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About the Foundation

The elimination of sugar

Appreciated for its taste, sugar has always been highly sought-after by humanity. Although it was rare and expensive in the past, today it is commonplace and highly-affordable. Pleasure or moderation? It is not always easy to resist when faced with a mountain of cakes.
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Sugar consumption under control?

New-borns naturally love sweetness rather than the other basic tastes (salty, bitter, sour and umami). Sugar is a source of pleasure and has always been much in demand. People ate honey and fruit long before sugar arrived in Europe from India in the 12th century. At that time, it was a rare and luxurious resource, thought of as a spice and used to enhance dishes before later becoming a dessert at the end of the meal. Sugar was consumed on special occasions and at celebrations. Eating it on its own, out of greed, was associated with childish behaviour. It was also put to therapeutic use, to cure inflammation according to the humour theory, which dominated medical discourse up until the late 18th century.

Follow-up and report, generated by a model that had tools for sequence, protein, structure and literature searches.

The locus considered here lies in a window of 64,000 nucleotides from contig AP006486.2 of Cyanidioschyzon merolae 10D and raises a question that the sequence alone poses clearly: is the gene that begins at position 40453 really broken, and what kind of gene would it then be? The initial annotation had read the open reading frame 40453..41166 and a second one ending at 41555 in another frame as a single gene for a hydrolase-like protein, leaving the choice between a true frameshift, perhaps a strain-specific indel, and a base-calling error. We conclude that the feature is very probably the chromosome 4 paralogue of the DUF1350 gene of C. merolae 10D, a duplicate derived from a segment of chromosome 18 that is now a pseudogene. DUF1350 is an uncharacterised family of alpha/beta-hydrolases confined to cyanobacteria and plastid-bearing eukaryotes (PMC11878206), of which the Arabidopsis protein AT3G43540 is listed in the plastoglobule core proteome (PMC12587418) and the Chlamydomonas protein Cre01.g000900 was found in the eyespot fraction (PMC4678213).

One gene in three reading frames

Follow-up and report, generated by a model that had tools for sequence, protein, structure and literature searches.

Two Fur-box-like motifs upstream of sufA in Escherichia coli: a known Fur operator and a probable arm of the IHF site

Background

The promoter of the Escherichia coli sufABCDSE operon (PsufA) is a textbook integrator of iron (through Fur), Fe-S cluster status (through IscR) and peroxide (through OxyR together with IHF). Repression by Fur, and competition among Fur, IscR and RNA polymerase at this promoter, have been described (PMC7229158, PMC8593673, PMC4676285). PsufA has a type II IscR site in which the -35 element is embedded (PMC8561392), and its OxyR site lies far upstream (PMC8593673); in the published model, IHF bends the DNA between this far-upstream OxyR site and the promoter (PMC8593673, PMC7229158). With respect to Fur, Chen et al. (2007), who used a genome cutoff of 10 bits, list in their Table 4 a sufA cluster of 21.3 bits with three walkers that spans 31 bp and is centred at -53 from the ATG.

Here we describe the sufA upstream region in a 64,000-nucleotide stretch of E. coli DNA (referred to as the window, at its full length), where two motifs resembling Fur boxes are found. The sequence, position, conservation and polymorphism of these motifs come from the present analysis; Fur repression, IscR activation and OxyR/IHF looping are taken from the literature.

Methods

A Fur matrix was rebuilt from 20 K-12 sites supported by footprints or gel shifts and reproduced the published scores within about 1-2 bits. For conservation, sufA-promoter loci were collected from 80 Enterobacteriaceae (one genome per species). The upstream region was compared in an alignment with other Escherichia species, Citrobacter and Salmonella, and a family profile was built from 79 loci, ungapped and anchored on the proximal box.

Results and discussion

After cane sugar was introduced in America, sugar became widespread in Europe and its consumption increased. At the same time, there were growing calls against excessive intake of sugar, deemed a health hazard. Some doctors even talked about sugar being naturally harmful. This talk reflected a moral concern as to whether it was right to eat sugar for pleasure rather than out of necessity. In the 20th century, the consumption of sugar became commonplace and criticisms from scientific circles hardened. Excessive consumption of sugar was thought to cause problems such as tooth decay, cardiovascular diseases, obesity and diabetes.

The food industry uses sugar in a large number of products (sauces, condiments, dairy products, breakfast cereals, processed meat, etc.) and is increasingly turning to substitute sugar with synthetic, calorie-free sweeteners (aspartame, saccharine, acesulfame, and cyclamates). However, sweeteners do not provide the same kind of pleasure as sugar and can present health risks if consumed in large quantities. In light of this, health experts are calling for a return to sugar whilst reminding us to consume it in moderation.